The verdict brings to a close a process that began more than four years ago with Clemens' appearance before Congress, and ends a trial that began April 16 just down the street from the U.S. Capitol complex. The first attempt to try Clemens last July ended in a mistrial because of a prosecution error.

After repeated and public denials following the release of the Mitchell Report, Clemens testified in a Feb. 5, 2008, deposition and at a nationally televised Feb. 13, 2008, hearing that he never used performance-enhancing drugs.

McNamee, who worked with Clemens as a strength and conditioning trainer for the better part of a decade, was cited in the Mitchell Report and then testified before the same congressional committee and at the trial, saying that he injected Clemens with performance-enhancing drugs numerous times from 1998-2001. McNamee said he saved needles, vials and medical waste in a Miller Lite beer can and a FedEx box after injecting Clemens in August 2001, and that became key evidence in the trial.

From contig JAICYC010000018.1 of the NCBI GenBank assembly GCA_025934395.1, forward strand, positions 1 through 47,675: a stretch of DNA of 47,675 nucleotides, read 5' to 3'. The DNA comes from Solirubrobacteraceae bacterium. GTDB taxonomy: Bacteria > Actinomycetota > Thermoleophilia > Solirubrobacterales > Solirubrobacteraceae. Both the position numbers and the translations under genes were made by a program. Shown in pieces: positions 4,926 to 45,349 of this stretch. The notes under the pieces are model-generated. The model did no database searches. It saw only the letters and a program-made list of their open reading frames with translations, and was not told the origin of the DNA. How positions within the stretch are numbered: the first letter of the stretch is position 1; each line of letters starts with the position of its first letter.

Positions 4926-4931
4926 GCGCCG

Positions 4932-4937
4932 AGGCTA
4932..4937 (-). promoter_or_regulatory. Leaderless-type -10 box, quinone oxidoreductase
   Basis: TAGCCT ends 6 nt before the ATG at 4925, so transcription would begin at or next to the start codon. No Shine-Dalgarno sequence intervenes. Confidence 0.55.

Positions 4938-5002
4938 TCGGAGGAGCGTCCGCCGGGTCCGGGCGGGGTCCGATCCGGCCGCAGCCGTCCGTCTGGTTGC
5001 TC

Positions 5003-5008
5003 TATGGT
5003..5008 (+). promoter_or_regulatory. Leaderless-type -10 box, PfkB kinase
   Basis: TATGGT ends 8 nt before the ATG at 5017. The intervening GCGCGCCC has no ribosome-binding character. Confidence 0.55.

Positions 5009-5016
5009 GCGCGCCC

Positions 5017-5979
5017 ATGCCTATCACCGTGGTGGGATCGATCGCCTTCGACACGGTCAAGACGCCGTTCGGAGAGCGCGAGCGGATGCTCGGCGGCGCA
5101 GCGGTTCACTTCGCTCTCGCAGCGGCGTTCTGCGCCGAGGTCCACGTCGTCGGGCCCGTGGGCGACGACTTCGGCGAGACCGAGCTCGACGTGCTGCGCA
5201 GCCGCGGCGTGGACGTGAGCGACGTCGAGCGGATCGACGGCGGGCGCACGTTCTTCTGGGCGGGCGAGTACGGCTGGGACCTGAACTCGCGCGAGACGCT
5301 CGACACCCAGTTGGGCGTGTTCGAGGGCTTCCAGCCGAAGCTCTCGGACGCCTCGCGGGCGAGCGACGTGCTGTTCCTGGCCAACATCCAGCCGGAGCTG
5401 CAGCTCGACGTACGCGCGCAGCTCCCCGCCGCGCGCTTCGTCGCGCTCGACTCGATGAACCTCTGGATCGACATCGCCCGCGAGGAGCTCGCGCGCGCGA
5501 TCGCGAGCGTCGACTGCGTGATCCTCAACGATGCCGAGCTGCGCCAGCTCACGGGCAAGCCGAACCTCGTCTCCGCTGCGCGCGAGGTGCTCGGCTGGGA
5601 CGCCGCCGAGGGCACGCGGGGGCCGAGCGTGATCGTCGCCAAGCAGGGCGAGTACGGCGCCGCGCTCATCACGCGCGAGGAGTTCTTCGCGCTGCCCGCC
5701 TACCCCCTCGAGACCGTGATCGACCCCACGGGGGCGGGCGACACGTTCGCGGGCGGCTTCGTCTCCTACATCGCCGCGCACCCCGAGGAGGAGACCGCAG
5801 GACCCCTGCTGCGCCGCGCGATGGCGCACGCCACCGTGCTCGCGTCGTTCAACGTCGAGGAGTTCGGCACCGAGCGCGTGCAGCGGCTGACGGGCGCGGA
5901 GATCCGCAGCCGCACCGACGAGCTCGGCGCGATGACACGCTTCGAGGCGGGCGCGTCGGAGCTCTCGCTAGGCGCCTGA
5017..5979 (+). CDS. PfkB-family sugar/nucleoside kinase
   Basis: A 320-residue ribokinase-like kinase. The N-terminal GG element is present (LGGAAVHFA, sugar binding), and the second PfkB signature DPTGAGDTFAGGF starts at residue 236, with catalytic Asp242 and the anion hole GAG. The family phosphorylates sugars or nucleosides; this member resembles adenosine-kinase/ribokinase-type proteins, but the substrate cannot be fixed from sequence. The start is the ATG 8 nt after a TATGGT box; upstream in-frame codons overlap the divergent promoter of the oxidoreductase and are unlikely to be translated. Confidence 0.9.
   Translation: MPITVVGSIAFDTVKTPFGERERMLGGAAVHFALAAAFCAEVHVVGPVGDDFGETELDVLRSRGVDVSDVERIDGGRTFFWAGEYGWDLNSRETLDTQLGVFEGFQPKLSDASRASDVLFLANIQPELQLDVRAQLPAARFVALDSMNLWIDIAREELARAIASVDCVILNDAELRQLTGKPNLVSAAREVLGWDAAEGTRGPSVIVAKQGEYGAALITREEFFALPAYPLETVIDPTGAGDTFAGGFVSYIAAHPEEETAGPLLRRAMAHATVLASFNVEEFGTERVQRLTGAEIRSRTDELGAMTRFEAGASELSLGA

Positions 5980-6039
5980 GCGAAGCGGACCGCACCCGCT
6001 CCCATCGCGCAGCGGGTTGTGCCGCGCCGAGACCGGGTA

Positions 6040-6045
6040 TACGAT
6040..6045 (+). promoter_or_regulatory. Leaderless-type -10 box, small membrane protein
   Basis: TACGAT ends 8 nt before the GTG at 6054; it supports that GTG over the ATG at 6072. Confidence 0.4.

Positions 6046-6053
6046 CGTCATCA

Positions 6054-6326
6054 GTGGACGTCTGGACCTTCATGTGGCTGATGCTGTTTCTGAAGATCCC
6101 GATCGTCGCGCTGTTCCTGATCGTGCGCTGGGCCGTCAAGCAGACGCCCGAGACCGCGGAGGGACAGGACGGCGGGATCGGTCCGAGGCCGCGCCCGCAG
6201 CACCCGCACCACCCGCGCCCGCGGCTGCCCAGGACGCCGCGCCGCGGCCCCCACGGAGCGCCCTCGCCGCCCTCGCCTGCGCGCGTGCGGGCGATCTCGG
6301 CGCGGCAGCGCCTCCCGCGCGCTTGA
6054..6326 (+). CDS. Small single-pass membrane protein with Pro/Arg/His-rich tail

Clemens, who did not testify in his own defense at trial, testified before Congress that McNamee only injected him with vitamin B12 and lidocaine. A little more than two years after that testimony and Congress had referred the matter to the Department of Justice, a federal grand jury indicted Clemens.

Following a jury-selection process of more than five days, jurors heard from 46 witnesses over the course of 26 days of testimony, followed by closing arguments last week, before Walton sent them into deliberations on June 12. The case was expected to last four to six weeks, but it entered its 10th week when jurors returned to their deliberations Monday after a four-day break.